Tuesday, February 14, 2017 [Tweets] [Favorites]

Instapaper Outage Cause & Recovery

Brian Donohue:

Without knowledge of the pre-April 2014 file size limit, it was difficult to foresee and prevent this issue. As far as we can tell, there’s no information in the RDS console in the form of monitoring, alerts or logging that would have let us know we were approaching the 2TB file size limit, or that we were subject to it in the first place. Even now, there’s nothing to indicate that our hosted database has a critical issue.

If we ever had knowledge of the file size limit, it likely left with the 2013-era betaworks contractors that performed the Softlayer migration.

[…]

We didn’t have a good disaster recovery plan in the event our MySQL instance failed with a critical filesystem issue that all of our backups were also subject to.

[…]

When it became clear the dump would take far too long (first effort took 24 hours, second effort with parallelization took 10 hours), we began executing on a contingency plan to get an instance in a working state with limited access to Instapaper’s archives. This short-term solution launched into production after 31 hours of downtime. The total time to create that instance and launch it into production was roughly six hours.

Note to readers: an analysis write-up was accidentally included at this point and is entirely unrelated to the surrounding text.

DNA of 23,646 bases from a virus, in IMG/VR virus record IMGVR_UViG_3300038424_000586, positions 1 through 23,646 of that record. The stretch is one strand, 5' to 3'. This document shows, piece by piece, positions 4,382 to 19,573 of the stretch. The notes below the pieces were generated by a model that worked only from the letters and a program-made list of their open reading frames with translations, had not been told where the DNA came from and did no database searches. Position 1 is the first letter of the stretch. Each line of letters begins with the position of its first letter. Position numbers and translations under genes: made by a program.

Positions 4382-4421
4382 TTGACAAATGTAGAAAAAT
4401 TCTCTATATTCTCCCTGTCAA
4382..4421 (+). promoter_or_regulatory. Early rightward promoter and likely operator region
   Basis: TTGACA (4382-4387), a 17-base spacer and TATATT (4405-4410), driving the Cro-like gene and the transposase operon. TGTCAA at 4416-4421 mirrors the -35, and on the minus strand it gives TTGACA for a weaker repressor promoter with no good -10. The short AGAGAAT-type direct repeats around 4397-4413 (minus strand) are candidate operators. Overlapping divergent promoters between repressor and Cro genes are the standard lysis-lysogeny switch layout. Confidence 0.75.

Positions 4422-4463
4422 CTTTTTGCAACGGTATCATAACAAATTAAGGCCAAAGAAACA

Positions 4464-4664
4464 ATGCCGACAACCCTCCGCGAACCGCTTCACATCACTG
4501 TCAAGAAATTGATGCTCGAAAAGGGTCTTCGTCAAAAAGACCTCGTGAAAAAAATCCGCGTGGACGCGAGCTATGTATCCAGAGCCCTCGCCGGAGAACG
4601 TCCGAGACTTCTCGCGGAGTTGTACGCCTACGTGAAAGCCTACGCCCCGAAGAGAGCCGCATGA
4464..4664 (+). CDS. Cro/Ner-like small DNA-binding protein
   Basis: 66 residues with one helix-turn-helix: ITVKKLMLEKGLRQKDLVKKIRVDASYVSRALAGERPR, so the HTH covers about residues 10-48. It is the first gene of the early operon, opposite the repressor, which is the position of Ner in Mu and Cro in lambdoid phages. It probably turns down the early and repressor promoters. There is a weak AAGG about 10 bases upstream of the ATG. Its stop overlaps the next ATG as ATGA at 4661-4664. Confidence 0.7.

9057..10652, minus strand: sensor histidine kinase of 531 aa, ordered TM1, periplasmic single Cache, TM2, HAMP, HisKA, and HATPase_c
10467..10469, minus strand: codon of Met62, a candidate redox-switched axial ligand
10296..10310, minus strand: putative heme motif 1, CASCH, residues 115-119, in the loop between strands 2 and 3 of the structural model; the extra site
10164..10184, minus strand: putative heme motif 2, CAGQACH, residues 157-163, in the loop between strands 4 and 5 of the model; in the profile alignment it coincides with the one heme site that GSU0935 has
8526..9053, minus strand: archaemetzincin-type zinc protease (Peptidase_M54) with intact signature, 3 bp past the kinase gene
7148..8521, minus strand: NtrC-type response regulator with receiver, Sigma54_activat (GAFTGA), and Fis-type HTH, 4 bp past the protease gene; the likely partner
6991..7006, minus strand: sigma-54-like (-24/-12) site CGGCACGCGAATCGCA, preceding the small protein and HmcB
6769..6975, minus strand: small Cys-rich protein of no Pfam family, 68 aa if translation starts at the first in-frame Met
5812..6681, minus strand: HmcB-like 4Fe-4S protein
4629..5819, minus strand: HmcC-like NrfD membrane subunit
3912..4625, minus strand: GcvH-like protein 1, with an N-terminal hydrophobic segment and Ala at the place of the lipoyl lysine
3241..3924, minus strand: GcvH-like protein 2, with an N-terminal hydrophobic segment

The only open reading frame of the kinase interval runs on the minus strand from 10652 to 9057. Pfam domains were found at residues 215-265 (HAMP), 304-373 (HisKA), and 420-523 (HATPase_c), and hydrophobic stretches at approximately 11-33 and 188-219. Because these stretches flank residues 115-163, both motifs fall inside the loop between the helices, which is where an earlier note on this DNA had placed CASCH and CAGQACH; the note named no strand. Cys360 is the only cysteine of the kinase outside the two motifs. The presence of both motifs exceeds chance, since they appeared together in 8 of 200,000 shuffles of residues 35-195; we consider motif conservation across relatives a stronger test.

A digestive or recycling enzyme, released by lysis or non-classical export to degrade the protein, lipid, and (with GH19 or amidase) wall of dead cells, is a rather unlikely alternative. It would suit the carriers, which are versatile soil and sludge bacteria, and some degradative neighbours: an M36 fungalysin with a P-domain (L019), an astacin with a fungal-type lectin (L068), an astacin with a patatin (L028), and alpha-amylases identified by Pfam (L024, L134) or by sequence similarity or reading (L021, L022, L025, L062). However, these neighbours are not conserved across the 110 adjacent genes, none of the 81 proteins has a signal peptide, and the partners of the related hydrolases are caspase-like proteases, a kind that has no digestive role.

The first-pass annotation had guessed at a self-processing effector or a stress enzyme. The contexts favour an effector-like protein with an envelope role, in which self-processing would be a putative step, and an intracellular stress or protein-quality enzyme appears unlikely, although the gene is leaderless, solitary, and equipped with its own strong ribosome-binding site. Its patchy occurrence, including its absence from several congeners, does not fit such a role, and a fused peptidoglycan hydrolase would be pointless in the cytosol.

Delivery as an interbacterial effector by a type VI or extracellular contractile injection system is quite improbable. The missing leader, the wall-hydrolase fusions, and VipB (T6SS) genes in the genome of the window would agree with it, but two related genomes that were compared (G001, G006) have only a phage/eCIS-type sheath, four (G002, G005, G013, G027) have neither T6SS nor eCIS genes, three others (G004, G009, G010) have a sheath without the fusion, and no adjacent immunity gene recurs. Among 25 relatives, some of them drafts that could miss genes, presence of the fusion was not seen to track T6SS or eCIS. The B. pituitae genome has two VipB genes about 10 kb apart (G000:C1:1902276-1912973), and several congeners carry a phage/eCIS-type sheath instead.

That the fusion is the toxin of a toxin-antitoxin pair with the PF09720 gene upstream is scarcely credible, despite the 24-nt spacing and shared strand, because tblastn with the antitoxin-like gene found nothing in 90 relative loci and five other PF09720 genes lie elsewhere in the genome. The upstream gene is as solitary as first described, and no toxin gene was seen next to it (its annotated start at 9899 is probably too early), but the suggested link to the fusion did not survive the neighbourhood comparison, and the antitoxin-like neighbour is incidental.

[…]

Our only recourse was to restore the data to an entirely new instance on a new filesystem. This was further complicated by the fact that our only interface into the hosted instances is MySQL, which made filesystem-level solutions like rsync impossible without the direct assistance from Amazon engineers.

1 Comment

This outage got me wondering how hard it would be to roll your own Instapaper-like service hosted privately on a server you control, and how much demand there might be for an open-source solution for such a concept.

cl

Stay up-to-date by subscribing to the Comments RSS Feed for this post.

Leave a Comment